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Saturday, January 16, 2010

Achieving Happiness in Your Garden: The Second Secret


One early spring day a few years ago, I was sitting in my favorite spot by the window lazily browsing through some very old issues of Horticulture magazine. I came to own these magazines when someone I once worked with paid one dollar for a big box of them at an auction and then gave me all the issues from 1959.

As I casually flipped through the pages, I happened upon the classified advertising in the back of the August 1959 issue and began to read some of the ads. Lloyd Kyler of South Whitney, Indiana was advertising “Red Gold Hybrid Earthworms” for soil improvement. You could get 500 of them for four dollars, or a thousand for seven dollars.

You could also buy 40 surplus iris “mixed some pinks” for five dollars, post paid from Seville Iris Gardens of Statesville, North Carolina. If you wanted them labeled it would cost an additional five cents each. Or for just fifty cents you could get a catalog of hardy violets with recipes from the Vista Violet Farm in Vista, California, and they would deduct fifty cents from your first order.

And then I saw something in very tiny print sandwiched between the headings “Rare Plants, Trees and Shrubs” and “Terrarium Supplies” that I thought said “Secrets”. I could not make out the very tiny print even with my glasses on, so I got out a magnifying glass. Peering through it, I realized that I had just discovered the second secret to achieving happiness in your garden.

Size your garden for the resources you have.

Of course! Reading this was like a smack in the head, like discovering an overgrown zucchini hiding under the oversized squash leaves.

To be happy in our gardens we should have a garden that is a size that we can manage with the time, money, and help we have!

Does this mean we are all now destined to have small gardens? Absolutely not! It means that we need to do a little planning and a little saving, and not be afraid to ask for, or pay for help in the garden when needed.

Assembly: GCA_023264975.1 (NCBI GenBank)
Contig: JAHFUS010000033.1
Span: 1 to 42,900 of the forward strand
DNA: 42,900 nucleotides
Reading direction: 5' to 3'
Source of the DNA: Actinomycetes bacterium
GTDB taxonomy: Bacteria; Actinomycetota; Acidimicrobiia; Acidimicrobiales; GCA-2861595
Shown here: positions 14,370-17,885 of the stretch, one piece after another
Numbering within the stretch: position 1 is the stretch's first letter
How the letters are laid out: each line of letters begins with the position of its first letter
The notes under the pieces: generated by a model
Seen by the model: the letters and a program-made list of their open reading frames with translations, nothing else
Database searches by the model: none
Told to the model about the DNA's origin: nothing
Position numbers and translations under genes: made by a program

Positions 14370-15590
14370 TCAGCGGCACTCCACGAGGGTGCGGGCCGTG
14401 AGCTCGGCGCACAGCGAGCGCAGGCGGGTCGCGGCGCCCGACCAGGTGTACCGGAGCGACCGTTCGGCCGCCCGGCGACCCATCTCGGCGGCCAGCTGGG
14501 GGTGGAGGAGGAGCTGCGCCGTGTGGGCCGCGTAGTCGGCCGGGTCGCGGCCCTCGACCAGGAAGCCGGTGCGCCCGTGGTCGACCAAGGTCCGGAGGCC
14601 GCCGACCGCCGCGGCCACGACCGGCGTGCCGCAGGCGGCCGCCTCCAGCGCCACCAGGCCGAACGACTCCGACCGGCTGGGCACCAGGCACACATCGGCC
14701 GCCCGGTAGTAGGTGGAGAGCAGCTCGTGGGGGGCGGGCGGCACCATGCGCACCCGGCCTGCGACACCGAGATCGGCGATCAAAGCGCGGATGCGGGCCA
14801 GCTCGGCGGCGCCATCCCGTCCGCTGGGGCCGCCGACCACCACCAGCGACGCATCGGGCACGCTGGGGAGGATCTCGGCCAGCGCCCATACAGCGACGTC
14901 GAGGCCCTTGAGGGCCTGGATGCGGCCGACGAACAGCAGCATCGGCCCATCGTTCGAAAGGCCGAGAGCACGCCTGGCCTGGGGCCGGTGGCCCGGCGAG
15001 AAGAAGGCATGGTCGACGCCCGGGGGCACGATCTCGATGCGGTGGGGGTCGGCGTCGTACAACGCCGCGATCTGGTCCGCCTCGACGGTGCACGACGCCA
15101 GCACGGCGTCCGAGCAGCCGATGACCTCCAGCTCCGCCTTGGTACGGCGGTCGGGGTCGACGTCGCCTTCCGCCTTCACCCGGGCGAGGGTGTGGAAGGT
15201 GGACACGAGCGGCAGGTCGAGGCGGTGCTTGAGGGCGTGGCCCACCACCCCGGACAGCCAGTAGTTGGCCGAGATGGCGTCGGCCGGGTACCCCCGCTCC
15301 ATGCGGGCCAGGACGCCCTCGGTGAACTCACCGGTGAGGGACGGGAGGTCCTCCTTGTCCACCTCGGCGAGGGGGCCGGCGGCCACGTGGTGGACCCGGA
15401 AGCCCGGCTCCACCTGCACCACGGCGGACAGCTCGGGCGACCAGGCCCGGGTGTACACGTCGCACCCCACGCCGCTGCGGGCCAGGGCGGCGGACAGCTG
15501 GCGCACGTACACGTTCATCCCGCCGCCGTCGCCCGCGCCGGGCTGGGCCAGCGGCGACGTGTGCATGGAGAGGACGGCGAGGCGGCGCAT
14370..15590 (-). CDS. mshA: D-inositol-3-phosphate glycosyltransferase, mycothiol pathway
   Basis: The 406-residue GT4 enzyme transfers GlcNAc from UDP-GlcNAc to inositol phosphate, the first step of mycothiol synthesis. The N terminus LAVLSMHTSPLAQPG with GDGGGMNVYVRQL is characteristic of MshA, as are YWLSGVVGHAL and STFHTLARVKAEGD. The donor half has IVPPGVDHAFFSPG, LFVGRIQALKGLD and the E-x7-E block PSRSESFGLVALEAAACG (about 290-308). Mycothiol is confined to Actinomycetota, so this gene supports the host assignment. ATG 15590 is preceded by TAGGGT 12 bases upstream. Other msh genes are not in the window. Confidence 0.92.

There are all kinds of books written on the subject of “low maintenance” gardens, which many gardeners refuse to look at because they say they enjoy all the maintenance they have to do in their garden. But don’t be too quick to judge! Spending an entire weekend on the maintenance of your garden may seem like heaven on earth, but if it is week after week after week, and you still have more to do, it may soon seem more like drudgery on earth. Books like “The New Low-Maintenance Garden” by Valerie Easton (Timber Press, $19.95)* are full of ideas to reduce the time spent on the routine and not so routine garden maintenance tasks we all face. Incorporating these ideas into how you garden could mean you can have a larger garden overall.

There are also some aspects of gardening that could take hours or weeks or months to do if we try to do them on our own. Yet sometimes we decide to try to do them anyway and then end up too exhausted to enjoy what we’ve accomplished. Or worse, we realize half way through whatever it is we are doing that we can not possibly finish the job on our own. We leave it half done while we try to figure out “now what”. For these big jobs, we should save up to hire others to help, or find some friends and family to help.

This second secret to achieving happiness in our gardens may mean that we don’t have that big garden of our dreams right away. It may mean that we decide to leave an area planted with lawn until we have the time and resources to plant the garden we want to have there. Or it could mean that we confine our garden to a smaller space that we can enjoy, where we can find happiness.

Reading this secret over and over, I realized it would not be easy to follow and could perhaps be controversial. We are so eager as gardeners to dig up everything and just start planting! But at the same time I knew this second secret was right.

Size your garden for the resources you have.

And you’ll be happier with the overall results.

*****

Thank you to everyone who posted about their blooms for Garden Bloggers' Bloom Day. I've visited a few posts and will visit more throughout the weekend. January seems to have been a challenging month for many gardeners, but everyone is ready to perservere and stick with it until spring!

*****


*(The New Low Maintenance Garden was sent to me to review by Timber Press. I have not yet reviewed it.)

18 comments:

Dee/reddirtramblings said...

Dear Carol, what good advice! This is one of your best posts. That's a happy secret indeed (I say this as I'm planning and building an American potager outside my kitchen door. That is hysterical.~~Dee

Darla said...

This is a great timely post for all of us gardeners waiting out winter! Thanks.

Gail said...

Carol, I wish this wonderful piece of wisdom had come my way when I started this garden 24 years ago! I am so trying to make it easier for my aging body to manage;) gail

Liz said...

I think that is why so many people have lawn rather than gardens...it's too much land for them to deal with.

Mr. McGregor's Daughter said...